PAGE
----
# There are trisectable angles that are not constructible.

As usual, a number is *constructible* if it is constructible with a compass and a straightedge. Not all numbers are constructible. While examples of non-constructible numbers abound, I have in mind a particular one (let me know if you come up with another suitable number). In the following I'll be talking of constructible angles.

The angle I have in mind is 2π/7. That the angle is not constructible has been shown in the 19th century by Gauss and Wantzel. If it were, one of the famous problems of antiquity - that of constructing a regular heptagon - would have a solution. As Gauss and Wantzel showed, it does not.

Since 2π/7 is not constructible, so is the angle 4π/7. For, if it were constructible, we could then, by angle bisection, obtain 2π/7, which is impossible.

Obviously, π is a constructible angle. It then follows that 3π/7 = π - 4π/7 is not constructible. For, if it were, so would be 4π/7.

Now examine the two angles: 4π/7 and 3π/7. Their difference is π/7 - one third of 3π/7. The situation becomes interesting. Assume the angle 3π/7 was constructed anyhow by non-traditional means. Starting with 3π/7, we can construct 4π/7 and, therefore, the difference - π/7.

In other words, if the angle 3π/7 was given in the first place, then it would be possible to trisect it with the traditional tools only. It appears that the angle well deserves to be called *trisectable*. For the sake of comparison, recollect that constructible π/3 = 60° is not trisectable.

π/2 = 90° is both constructible and trisectable. Since there are only countably many constructible angles, "most" of angles are not constructible. Most of these are probably not trisectable either. Is there a proven example?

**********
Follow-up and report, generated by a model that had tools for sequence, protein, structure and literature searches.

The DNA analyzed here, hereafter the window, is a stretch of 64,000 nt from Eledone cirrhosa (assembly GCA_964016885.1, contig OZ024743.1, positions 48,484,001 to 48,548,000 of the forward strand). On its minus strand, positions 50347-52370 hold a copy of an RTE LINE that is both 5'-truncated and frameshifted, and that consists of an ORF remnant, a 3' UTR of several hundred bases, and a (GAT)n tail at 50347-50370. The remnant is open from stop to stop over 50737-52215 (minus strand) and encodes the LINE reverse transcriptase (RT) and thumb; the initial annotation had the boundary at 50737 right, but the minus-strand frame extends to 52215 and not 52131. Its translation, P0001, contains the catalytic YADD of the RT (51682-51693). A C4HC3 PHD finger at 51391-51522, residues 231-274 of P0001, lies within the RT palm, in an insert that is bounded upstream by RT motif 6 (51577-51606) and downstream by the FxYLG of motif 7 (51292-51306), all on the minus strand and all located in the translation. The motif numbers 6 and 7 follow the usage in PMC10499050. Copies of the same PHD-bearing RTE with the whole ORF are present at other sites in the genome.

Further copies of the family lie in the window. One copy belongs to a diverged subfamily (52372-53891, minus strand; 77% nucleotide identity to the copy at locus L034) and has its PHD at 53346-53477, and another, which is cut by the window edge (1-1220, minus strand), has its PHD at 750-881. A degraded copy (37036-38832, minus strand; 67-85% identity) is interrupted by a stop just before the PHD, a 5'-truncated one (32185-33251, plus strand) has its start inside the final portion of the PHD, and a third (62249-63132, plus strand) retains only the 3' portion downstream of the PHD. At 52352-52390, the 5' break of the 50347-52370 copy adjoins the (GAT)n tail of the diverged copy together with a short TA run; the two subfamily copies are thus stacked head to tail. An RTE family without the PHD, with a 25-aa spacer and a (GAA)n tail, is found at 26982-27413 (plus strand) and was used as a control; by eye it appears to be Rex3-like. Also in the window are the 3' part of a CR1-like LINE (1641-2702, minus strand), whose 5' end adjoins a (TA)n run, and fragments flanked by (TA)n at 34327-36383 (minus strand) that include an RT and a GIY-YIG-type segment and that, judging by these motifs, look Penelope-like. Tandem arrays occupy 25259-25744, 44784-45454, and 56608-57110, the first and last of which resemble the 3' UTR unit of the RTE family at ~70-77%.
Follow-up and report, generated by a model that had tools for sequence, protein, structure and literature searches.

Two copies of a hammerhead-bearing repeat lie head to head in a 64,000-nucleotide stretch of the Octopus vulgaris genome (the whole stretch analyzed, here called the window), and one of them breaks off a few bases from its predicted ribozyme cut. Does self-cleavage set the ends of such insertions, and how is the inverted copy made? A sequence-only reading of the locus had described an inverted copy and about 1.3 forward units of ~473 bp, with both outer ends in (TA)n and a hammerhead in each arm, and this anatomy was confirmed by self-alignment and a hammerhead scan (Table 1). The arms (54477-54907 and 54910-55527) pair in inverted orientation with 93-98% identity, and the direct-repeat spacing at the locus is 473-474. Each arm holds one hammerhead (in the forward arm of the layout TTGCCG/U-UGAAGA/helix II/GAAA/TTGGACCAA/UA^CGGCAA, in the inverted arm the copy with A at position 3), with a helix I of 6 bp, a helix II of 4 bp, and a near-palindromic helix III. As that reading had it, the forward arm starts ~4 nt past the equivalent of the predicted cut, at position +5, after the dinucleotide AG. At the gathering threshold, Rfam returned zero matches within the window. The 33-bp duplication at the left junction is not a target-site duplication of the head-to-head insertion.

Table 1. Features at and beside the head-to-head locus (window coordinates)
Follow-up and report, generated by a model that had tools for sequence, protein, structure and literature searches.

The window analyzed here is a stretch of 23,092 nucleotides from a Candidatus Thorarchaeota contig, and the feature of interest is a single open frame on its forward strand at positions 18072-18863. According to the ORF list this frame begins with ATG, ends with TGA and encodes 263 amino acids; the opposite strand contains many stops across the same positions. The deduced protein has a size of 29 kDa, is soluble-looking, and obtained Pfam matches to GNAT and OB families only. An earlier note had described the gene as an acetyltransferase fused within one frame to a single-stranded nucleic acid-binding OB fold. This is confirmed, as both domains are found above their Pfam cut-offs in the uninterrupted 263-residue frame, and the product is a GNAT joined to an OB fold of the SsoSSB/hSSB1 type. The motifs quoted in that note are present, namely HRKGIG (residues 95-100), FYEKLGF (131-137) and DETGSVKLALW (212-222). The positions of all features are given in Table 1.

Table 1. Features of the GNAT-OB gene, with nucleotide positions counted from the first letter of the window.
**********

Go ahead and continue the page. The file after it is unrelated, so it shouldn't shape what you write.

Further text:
Yes, Andrew Schultz found this one: π/21 is neither constructible, nor trisectable. The claim is based on the following identity:

1/21 + 2/7 = 1/3

As was already mentioned, π/3 is constructible but not trisectable. So, first of all, π/21 is not constructible. For, if it were,

On the other hand, if π/21 were trisectable, so would be

The argument is completely general. Let A be a property of angles, such as being constructible or being trisectable. Then, schematically,

A - A = A

which simply says that the difference of two angles with property A also possesses that property. (Which is of course true for A being either constructible or trisectable.) From here, it follows that

non-A + A = non-A

i.e., the sum of two angles - one with A, the other without, does not have that property.

As a corollary, the sum of a constructible but non-trisectable angle and a trisectable but non-constructible angle is neither constructible, nor trisectable.

Are there other examples?

Note: Ed Fisher has a valid objection to the above argument.

## References

- R. Honsberger,
*More Mathematical Morsels*, MAA, 1991

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